As you anticipated my next move, yes, all of this is really horrible for those who cannot afford to make a better choice. Now, at least, there are public initiatives to put in place magnet schools or achievement programs or even school improvement programs. Accreditation's a good example of how school quality could be maintained or improved. Other notable programs are voluntary transfer, school lunches, etc.

I agree that public schools here need some work, but killing them off just makes life harder for those who need public services the most.

Kevin Heifner said...

I'm not exactly sure what kind of system you are describing. I don't want any kind of system where the parent is not in control of the funds. Give parents funds equal to what the local school district would receive and let the parents use it at any institution of their choice or use it for home schooling. Folks in rural communities without much choice could elect to pool funds and hire their own teachers.

I know that this is a very dangerous slope for existing private schools. The question would be if the private school should except the funds. Even if they didn't come attached with stipulations, they would likely have stipulations added in the future.

The current schools are a disgrace. For example:

In 2000 the percentage of fourth-grade students performing at or above the Basic level or reading achievement was 63%. Performance at or above the Proficient level (the level identified by NAGB as the level that all students should reach) was achieved by 32% of fourth-graders.

Only 23% of eighth-graders tested proficient in math; 39% tested below even the basic level.

American's 12th graders came in 19th out of 21 countries in math on the TIMSS. We only beat Cyprus and South Africa. And in advanced math we came in last.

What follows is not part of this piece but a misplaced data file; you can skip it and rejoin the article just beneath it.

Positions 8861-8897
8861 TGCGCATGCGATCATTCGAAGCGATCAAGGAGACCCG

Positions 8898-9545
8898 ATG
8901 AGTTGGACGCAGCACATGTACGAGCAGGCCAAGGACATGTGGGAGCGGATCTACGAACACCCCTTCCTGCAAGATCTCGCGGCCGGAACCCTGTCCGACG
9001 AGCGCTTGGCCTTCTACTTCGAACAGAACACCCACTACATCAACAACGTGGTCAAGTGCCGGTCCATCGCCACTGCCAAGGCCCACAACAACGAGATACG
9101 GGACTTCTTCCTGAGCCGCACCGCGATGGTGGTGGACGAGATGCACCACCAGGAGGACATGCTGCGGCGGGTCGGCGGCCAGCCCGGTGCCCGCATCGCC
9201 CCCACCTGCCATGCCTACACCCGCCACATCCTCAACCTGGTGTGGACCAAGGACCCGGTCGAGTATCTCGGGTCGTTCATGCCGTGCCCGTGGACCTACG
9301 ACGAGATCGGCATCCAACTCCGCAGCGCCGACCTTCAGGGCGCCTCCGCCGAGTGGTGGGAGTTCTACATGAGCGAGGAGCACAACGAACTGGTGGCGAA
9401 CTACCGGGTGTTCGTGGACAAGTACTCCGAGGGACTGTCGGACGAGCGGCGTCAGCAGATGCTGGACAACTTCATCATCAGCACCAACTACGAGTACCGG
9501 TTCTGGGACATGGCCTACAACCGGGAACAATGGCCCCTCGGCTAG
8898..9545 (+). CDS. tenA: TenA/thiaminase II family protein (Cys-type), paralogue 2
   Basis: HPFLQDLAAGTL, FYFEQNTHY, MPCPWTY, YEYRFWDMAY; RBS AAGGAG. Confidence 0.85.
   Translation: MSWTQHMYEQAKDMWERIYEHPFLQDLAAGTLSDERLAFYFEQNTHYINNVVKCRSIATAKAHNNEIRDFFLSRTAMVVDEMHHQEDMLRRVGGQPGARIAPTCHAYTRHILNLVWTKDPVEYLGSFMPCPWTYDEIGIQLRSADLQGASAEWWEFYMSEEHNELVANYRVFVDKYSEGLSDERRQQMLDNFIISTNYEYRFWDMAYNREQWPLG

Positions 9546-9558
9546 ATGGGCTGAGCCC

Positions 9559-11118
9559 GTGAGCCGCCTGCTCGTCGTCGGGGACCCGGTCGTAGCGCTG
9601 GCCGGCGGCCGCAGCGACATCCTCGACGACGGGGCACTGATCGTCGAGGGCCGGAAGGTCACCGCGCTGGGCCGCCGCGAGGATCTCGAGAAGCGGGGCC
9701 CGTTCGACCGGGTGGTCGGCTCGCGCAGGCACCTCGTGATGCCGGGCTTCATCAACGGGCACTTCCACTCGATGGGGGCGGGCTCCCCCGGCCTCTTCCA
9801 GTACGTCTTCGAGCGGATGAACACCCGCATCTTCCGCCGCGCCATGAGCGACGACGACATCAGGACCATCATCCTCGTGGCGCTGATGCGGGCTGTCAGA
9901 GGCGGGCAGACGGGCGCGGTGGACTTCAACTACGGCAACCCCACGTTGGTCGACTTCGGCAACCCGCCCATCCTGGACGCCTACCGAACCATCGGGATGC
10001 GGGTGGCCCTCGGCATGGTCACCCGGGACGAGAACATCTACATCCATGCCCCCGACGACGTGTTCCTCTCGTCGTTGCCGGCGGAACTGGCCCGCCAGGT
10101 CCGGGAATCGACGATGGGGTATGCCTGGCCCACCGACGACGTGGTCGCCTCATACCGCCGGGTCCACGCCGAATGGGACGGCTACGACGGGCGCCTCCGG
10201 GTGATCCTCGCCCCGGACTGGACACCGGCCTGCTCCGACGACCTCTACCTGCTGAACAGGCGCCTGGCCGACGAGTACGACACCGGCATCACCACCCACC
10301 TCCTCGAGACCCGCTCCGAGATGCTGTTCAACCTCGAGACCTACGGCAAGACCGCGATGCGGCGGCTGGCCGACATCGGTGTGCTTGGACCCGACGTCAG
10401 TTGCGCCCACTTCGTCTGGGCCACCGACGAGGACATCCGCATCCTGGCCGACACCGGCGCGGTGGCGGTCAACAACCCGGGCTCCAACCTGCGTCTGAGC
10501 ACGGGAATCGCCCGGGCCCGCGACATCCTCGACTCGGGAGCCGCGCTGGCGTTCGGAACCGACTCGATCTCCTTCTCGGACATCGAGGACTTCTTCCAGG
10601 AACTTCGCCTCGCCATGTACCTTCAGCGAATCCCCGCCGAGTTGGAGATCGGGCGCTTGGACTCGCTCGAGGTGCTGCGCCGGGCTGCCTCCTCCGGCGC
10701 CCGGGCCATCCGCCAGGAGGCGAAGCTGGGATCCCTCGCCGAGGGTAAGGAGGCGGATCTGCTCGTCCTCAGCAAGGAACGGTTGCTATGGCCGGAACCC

Recently the Department of Education reported that 57% of seniors could not perform at the most basic level.

And on and on.

BTW, the expenditure (1999-2000) per pupil in average daily attendance in public elementary and secondary schools was $7,086.

Something has to be done, and throwing more money at the problem is not going to help.

Jonathan said...

There's a huge leap from reorganizing and regrouping a system to throwing more money at it to ending it entirely; which position do you support?

I'm still not clear why you feel public school programs should be terminated. Are bad test scores enough to warrant dismantling public education? Why not take the top public schools, determine what works for them, and propagate those methods and structures to other districts?

Perhaps the real reason the public school system is failing for so many children is because of a lack of support at home and in their communities? Moving to private education would absolutely destroy these children's chances of getting any education. How would privatized education help in these instances?

Kevin Heifner said...

If possible I would like to save the school buildings and the buses. :) I think the time for reorganizing is over. We need a complete overhaul. I don't see that is at all possible in the current system. Therefore, we need an alternative that parents can choose that will force the existing system to adopt.

In my mind the goals of a school system is to teach reading/writing/arithmetic/science/history/art/music/health. Since it is impossible to teach these topics without teaching a Worldview then parents need to be able to choose a school that matches their Worldview. The current school system has their hands tied so badly that they are unable to achieve their objectives.

You ask if we should dismantle our public education because of bad test scores. I say that if my car doesn't run then I don't need it. The goals of our schools should be to teach. If they are not doing that then why have them? They don't even provide good day care (too dangerous).

I agree that the public school system is not the only thing that is failing our children. However, that is the topic at hand. I completely agree that the modern family bears much of the blame.

Yo-Robot said...

Should everyone forget that most education systems that are on top of the discussed list (in which United States scores 19th) are almost all public?